* Disappointing news for anyone who put money on Ian Birrell (at 5-1, say), this newspaper's former deputy editor, to replace Andy Coulson at No 10. Birrell has slipped from front-runner to also-ran, with Cameron's current press secretary, Gabby Bertin, and the BBC's Old Etonian deputy political editor, James Landale, pulling ahead at Smarkets.com (the politicos' preferred bookie shop). Still, fingers crossed, Ian. You never know: somebody, somewhere might stand to win £60 if you get the gig.

* More from Crispin Mount: recycling sceptic, amateur scourge of South-western Tories, proud leader of 14 Twitter followers and my investigative correspondent for the Cotswolds. "The latest propaganda missive from the Tory dystopia of Cotswold District Council (CDC), about how great their public toilets are, put me on the scent of something," Crispin tantalisingly relates. "Evadne (my lady wife) and I were enjoying a day in Stow-on-the-Wold and, being of a certain age, she had to spend 20p to 'spend a penny'. Evadne chided me for pronouncing the 20p fee a '2,000 per cent local Tory tax', but became more interested when, upon returning home, I did some 'Googling' and discovered that the subcontractor for all CDC public toilets was a company called Healthmatic Ltd. Healthmatic just happens to be owned by Tory Wiltshire Cllr Roger 'Chuck' Berry – which raises the question: 'Whose ding-a-ling was pulled to get that particular contract?'"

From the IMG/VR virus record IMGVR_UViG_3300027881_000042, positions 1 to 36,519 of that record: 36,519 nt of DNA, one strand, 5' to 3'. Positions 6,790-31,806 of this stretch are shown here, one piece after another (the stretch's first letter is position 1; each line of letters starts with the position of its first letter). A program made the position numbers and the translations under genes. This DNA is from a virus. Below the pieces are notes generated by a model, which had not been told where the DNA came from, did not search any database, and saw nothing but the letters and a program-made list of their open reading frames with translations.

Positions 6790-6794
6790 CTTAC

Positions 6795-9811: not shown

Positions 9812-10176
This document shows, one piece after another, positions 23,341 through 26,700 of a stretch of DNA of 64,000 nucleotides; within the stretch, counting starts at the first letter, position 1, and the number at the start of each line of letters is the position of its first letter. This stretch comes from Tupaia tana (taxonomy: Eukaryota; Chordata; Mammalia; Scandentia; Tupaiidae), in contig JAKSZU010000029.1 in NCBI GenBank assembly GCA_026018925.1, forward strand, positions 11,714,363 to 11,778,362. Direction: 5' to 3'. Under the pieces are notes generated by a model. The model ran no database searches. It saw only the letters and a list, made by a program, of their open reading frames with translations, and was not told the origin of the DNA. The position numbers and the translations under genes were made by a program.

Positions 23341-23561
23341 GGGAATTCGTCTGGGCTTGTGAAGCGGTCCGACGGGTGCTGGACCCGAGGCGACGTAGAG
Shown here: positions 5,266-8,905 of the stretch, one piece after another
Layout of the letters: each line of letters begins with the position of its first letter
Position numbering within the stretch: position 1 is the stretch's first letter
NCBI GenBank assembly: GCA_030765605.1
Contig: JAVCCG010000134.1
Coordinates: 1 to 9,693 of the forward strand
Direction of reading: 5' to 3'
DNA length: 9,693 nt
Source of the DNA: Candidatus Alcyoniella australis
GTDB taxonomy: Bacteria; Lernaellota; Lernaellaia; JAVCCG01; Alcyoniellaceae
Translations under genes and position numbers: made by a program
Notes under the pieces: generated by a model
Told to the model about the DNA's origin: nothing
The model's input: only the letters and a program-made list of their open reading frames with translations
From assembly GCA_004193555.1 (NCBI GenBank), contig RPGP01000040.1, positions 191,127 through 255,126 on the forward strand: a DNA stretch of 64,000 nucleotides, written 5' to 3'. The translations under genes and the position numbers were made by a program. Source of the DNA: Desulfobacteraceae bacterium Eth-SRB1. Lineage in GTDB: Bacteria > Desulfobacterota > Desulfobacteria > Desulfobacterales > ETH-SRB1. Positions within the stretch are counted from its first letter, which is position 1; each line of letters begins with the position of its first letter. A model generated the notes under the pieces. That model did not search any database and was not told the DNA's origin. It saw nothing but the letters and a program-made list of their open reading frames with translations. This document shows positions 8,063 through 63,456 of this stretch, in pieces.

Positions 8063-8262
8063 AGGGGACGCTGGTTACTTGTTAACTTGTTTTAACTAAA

Start your day with The Independent, sign up for daily news emails
Latest stories from i100
Have you tried new the Independent Digital Edition apps?
Independent Dating

By clicking 'Search' you
are agreeing to our
Terms of Use.

iJobs Job Widget
iJobs People

Recruitment Genius: Office Manager

Negotiable: Recruitment Genius: Have you been doing a brilliant job in an admi...

Recruitment Genius: Interim Head of HR

£50000 - £60000 per annum: Recruitment Genius: Are you an innovative, senior H...

Recruitment Genius: Human Resources and Payroll Administrator

£20000 - £22000 per annum: Recruitment Genius: Our client, a very well respect...

Recruitment Genius: HR Consultant

£25000 per annum: Recruitment Genius: An HR Consultant is required to join thi...

Day In a Page

Homeless Veterans campaign: Donations hit record-breaking £1m target after £300,000 gift from Lloyds Bank

Homeless Veterans campaign

Donations hit record-breaking £1m target after huge gift from Lloyds Bank
Flight MH370 a year on: Lost without a trace – but the search goes on

Lost without a trace

But, a year on, the search continues for Flight MH370
Germany's spymasters left red-faced after thieves break into brand new secret service HQ and steal taps

Germany's spy HQ springs a leak

Thieves break into new €1.5bn complex... to steal taps